Last week was not an inactive one, and naturally I have my own opinions on the comings and goings of that last week.  Before proceeding with what’s going on in the present and getting back to business as usual around here, I wanted to circle back and give my quick takes on the major stories I missed last week.  I promise this won’t take long.

A-Rod’s Apology Letter

Loved it.  Loved everything about it.  He was obviously in a “damned if you do, damned if you don’t” situation when it came to the public apology, and I think he made the right decision to handle it the way he did.  …

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Issues With The Incumbents: Elbows, And Shoulders, And Knees, Oh My!

Beltran Over Wall Tampa

Look out, Carlos!!

I know I said nobody wanted or needed to read about all the injury risks with this year’s team again, but it wouldn’t be right to do a series of posts on the biggest issues with the returning players and not mention it.  As it stands right now, almost every returning key player comes with some kind of significant injury risk and that’s a storyline that is never going to go away this year, even if nobody suffers a major injury.

So let’s review the list quickly, shall we?  The rotation is rife with injury risks, specifically the unholy trinity of Masahiro Tanaka‘s elbow, Michael Pineda‘s shoulder, and CC Sabathia‘s knee.  Tanaka has been on a modified throwing program this offseason, not throwing as hard and as much as he used to before the season, and all reports on his conditioning and elbow have been positive.  Sabathia’s offseason program has been even more modified and watered down as he attempts to come back from knee surgery.  …

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Another Look At The Yankee Rotation Depth

Right before the end of 2014 I took a quick look at the projected starting rotation depth for the Yanks, and it wasn’t a pretty picture.  If you were someone who didn’t have faith in Tanaka, Pineda, and Sabathia staying healthy this season, that list couldn’t have made you feel good.  A week away from pitchers and catchers reporting to camp, I wanted to take another look at the projected depth to see if the Yankees improved it the way they needed to.  Here’s how it stands currently:

1) Masahiro Tanaka
2) Michael Pineda
3) CC Sabathia
4) Nathan Eovaldi
5) Chris Capuano

6) Adam Warren
7) Ivan Nova (now scheduled to return in June)
8) Bryan Mitchell
9) Esmil Rogers
T-10) Chase Whitley
T-10) Jose De Paula
12) Scott Baker
13) Kyle Davies

That’s a little better, right?  I admittedly took creative liberties in making it look better by including Warren and Rogers this time when I didn’t last time, but I think that’s justified based on what we know about the Yankees’ plans for them in camp and the additional moves they’ve made to beef up the bullpen.  …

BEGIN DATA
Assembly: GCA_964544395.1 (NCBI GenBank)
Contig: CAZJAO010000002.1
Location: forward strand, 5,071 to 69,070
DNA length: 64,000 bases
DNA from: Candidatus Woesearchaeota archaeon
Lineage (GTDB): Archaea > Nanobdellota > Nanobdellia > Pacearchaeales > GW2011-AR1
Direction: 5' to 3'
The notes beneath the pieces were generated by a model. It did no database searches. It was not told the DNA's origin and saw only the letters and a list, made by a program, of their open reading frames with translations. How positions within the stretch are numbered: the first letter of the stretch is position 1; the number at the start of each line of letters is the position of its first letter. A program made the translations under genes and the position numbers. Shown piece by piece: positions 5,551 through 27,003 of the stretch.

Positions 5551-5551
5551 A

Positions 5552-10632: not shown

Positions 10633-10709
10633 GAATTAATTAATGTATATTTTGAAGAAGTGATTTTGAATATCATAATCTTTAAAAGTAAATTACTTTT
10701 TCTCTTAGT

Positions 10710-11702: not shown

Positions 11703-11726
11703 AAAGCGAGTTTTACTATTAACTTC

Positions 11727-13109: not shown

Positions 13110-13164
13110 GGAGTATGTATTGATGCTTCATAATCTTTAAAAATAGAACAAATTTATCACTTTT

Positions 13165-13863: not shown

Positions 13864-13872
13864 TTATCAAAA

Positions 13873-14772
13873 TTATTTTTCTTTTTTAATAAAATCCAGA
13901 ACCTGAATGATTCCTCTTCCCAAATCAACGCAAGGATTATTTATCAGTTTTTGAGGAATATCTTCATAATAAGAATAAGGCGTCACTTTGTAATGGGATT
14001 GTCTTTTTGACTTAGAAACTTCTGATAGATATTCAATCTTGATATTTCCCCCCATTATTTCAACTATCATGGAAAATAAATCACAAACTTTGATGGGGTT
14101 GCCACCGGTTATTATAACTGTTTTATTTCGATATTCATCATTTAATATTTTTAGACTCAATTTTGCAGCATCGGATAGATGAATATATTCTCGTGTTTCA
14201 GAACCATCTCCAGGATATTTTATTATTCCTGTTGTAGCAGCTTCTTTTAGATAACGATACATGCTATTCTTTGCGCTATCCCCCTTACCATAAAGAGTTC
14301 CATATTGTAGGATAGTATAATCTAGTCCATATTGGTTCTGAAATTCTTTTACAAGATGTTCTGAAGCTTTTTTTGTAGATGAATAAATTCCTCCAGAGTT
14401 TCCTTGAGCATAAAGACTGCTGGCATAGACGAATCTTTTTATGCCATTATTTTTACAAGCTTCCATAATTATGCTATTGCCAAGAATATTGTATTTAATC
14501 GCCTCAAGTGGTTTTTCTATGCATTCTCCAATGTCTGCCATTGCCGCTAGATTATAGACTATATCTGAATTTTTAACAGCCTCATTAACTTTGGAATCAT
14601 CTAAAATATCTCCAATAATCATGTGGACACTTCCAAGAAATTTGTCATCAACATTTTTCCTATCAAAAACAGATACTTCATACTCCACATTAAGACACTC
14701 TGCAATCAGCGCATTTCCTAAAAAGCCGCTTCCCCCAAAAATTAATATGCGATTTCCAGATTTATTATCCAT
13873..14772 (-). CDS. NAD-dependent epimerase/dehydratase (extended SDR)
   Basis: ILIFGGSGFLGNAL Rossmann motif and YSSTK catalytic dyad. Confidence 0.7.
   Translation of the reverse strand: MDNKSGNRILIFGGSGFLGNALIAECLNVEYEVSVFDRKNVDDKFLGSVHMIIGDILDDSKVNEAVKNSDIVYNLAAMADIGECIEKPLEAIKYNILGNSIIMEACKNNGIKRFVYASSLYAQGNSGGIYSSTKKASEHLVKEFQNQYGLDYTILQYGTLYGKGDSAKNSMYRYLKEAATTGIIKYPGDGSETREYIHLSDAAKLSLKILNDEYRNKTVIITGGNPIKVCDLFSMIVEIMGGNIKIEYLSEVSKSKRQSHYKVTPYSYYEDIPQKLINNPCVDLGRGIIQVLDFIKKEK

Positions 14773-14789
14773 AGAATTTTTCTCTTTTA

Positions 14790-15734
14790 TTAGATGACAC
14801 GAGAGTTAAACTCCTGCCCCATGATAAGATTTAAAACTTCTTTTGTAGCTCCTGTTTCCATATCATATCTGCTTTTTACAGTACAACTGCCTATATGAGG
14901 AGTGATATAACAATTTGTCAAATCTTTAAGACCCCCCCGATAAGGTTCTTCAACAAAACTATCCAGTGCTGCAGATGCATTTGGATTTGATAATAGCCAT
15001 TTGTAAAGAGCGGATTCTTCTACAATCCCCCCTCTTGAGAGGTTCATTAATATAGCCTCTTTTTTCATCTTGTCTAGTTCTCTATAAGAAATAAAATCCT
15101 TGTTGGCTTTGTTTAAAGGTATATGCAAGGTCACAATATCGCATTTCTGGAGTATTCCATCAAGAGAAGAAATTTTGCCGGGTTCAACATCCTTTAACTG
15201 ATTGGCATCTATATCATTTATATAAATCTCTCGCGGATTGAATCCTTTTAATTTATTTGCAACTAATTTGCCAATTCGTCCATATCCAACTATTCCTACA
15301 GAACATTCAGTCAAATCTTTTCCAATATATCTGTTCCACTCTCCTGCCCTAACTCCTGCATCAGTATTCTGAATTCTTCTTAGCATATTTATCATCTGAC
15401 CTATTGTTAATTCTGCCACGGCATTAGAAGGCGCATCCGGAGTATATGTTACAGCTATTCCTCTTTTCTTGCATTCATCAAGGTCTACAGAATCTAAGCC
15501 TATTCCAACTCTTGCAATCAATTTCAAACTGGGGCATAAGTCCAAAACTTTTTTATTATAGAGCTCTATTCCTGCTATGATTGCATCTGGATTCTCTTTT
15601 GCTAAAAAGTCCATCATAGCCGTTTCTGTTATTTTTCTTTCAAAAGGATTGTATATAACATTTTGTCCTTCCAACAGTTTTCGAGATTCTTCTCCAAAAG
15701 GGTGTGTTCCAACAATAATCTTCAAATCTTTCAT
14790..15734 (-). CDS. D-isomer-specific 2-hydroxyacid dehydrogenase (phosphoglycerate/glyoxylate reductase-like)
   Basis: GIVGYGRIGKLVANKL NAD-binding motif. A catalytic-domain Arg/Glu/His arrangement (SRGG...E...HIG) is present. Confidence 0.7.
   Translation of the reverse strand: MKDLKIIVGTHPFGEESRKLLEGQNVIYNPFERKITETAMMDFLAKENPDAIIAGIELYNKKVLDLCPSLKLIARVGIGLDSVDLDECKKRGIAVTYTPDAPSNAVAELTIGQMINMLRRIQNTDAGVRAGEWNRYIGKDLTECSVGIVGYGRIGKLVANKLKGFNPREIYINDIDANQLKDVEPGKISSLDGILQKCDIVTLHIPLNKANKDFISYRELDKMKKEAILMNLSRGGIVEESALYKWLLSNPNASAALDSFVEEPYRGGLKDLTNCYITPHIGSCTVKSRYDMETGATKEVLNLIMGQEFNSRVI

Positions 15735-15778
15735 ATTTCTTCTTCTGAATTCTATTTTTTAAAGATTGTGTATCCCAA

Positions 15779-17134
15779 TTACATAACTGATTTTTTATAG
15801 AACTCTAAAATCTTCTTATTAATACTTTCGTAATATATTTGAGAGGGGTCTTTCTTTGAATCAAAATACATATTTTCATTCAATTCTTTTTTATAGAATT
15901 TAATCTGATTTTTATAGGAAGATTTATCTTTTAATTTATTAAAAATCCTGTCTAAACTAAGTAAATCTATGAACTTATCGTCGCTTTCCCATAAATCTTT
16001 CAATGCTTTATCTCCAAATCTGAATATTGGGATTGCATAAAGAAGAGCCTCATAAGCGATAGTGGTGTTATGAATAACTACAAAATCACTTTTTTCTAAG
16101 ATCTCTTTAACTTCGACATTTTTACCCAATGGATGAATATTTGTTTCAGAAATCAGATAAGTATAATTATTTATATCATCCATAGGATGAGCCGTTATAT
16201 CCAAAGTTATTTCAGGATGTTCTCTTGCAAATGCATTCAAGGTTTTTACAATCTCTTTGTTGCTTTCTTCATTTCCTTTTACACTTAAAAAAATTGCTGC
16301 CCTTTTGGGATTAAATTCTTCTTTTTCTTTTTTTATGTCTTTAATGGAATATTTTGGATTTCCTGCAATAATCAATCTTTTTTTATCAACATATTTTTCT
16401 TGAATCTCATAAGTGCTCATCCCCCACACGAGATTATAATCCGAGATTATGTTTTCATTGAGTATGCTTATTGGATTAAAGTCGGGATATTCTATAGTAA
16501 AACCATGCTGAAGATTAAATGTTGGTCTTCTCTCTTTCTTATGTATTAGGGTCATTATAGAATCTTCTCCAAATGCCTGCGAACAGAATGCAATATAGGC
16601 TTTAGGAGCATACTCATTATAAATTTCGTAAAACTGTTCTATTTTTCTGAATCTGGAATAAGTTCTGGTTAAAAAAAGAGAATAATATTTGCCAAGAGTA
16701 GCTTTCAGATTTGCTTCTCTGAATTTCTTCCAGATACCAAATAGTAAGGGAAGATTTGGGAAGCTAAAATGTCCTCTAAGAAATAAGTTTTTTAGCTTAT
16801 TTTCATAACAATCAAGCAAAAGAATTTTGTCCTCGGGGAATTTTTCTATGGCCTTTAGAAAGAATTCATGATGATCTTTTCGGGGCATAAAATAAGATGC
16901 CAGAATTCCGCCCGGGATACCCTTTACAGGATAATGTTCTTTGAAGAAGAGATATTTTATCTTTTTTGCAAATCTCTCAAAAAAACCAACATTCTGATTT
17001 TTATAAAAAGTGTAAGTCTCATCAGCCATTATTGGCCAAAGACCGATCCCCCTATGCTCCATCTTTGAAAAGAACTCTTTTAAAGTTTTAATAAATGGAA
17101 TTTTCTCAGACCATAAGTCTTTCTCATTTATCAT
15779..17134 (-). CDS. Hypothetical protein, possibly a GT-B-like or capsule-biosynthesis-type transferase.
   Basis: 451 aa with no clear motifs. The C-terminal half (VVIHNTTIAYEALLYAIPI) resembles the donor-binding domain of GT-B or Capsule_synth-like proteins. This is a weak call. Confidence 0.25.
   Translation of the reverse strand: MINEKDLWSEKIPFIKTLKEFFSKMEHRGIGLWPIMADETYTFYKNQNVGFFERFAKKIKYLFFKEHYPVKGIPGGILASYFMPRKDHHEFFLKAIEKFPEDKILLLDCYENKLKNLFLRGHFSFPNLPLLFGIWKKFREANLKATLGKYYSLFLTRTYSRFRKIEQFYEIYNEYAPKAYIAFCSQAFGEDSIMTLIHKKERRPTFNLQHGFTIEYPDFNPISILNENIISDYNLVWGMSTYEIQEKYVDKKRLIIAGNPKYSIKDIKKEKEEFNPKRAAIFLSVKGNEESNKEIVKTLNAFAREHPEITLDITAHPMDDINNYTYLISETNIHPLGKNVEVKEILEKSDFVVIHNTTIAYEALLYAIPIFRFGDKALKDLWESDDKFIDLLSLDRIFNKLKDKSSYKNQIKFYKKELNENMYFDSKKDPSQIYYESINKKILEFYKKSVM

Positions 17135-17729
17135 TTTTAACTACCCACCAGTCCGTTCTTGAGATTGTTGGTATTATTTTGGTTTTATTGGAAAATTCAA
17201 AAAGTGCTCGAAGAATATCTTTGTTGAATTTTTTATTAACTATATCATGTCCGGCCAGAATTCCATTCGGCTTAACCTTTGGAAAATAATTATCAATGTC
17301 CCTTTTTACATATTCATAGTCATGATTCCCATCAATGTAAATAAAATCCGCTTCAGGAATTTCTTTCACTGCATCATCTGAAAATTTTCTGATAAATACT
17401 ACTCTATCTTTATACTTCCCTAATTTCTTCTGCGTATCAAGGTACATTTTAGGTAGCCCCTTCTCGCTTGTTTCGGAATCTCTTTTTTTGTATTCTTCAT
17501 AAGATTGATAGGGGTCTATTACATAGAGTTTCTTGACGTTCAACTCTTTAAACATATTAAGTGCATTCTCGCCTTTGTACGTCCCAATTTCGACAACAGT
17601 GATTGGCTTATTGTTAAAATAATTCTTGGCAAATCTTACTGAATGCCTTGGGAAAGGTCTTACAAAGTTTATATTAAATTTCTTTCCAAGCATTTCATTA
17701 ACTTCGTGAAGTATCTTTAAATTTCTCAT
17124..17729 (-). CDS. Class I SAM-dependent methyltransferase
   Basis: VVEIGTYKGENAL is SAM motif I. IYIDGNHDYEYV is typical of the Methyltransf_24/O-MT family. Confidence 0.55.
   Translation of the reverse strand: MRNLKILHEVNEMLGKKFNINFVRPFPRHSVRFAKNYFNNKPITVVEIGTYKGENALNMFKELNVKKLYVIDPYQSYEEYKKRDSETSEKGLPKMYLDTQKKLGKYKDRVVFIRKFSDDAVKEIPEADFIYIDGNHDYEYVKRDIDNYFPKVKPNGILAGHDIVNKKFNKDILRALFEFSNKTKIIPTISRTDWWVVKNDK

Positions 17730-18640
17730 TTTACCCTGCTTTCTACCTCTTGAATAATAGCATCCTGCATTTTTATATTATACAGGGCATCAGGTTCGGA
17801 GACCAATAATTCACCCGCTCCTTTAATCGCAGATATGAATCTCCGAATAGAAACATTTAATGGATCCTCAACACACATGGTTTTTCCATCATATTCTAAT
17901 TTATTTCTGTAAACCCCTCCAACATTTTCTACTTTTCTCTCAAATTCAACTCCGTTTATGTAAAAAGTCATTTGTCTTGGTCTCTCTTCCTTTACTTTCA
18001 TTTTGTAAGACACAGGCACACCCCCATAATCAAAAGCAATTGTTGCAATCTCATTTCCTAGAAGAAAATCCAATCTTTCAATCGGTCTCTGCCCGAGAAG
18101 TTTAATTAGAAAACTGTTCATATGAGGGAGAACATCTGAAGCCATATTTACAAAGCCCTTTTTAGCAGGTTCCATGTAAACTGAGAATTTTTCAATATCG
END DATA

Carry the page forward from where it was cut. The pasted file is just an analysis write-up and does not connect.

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Quick Hit: Schoenfield Puts Yankees 21st In MLB Team Rankings

For those who’ve been lamenting the increase in Insider-only ESPN links, you should be all over David Schoenfield’s team-by-team ranking exercise of all 30 MLB clubs that he’s doing at ESPN SweetSpot.  He kicked off the annual countdown yesterday with the 30-25 teams and today’s block of 24-19 included the New York Yankees at 21.  If that ranking seems low to you, it did to me too.  My eyebrows went up when I saw it and then I did a double-take when I saw the final record prediction: 78-84.  Wow, 6 games under .500?  Really?  That would be pretty bad.  Schoenfield explains:

“The Yankees have been outscored each of the past two years, although they managed to finish over .500 both seasons. While a lot of people are pointing to a healthier rotation and better seasons from some of the veterans as reasons the Yankees will contend this year, I turn that around and say: Who’s a good bet to improve?

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Issues With The Incumbents: Health At The Top Of The Order

Ellsbury-Gardner 2014

Courtesy of USA TODAY Sports

Because of the high amount of roster turnover this offseason, the bulk of the player analysis has focused on the new guys.  Will Didi be able to hit enough to be an everyday shortstop?  How will Headley do in a full repeat season?  Can Eovaldi improve his performance to match his stuff?  How will all the new bullpen arms get worked in?  Does Stephen Drew really suck as bad as he did last year?

While all of those are valid questions and some are very important to the Yankees’ future, it’s the returning group of holdover players that is more important to the team’s immediate success.  There hasn’t been a lot said about that group of incumbent everyday Yankees this offseason, and over the next week or so I’d like to shine the spotlight back on them and take a look at what they key issues are with them that will determine how 2015 plays out.  …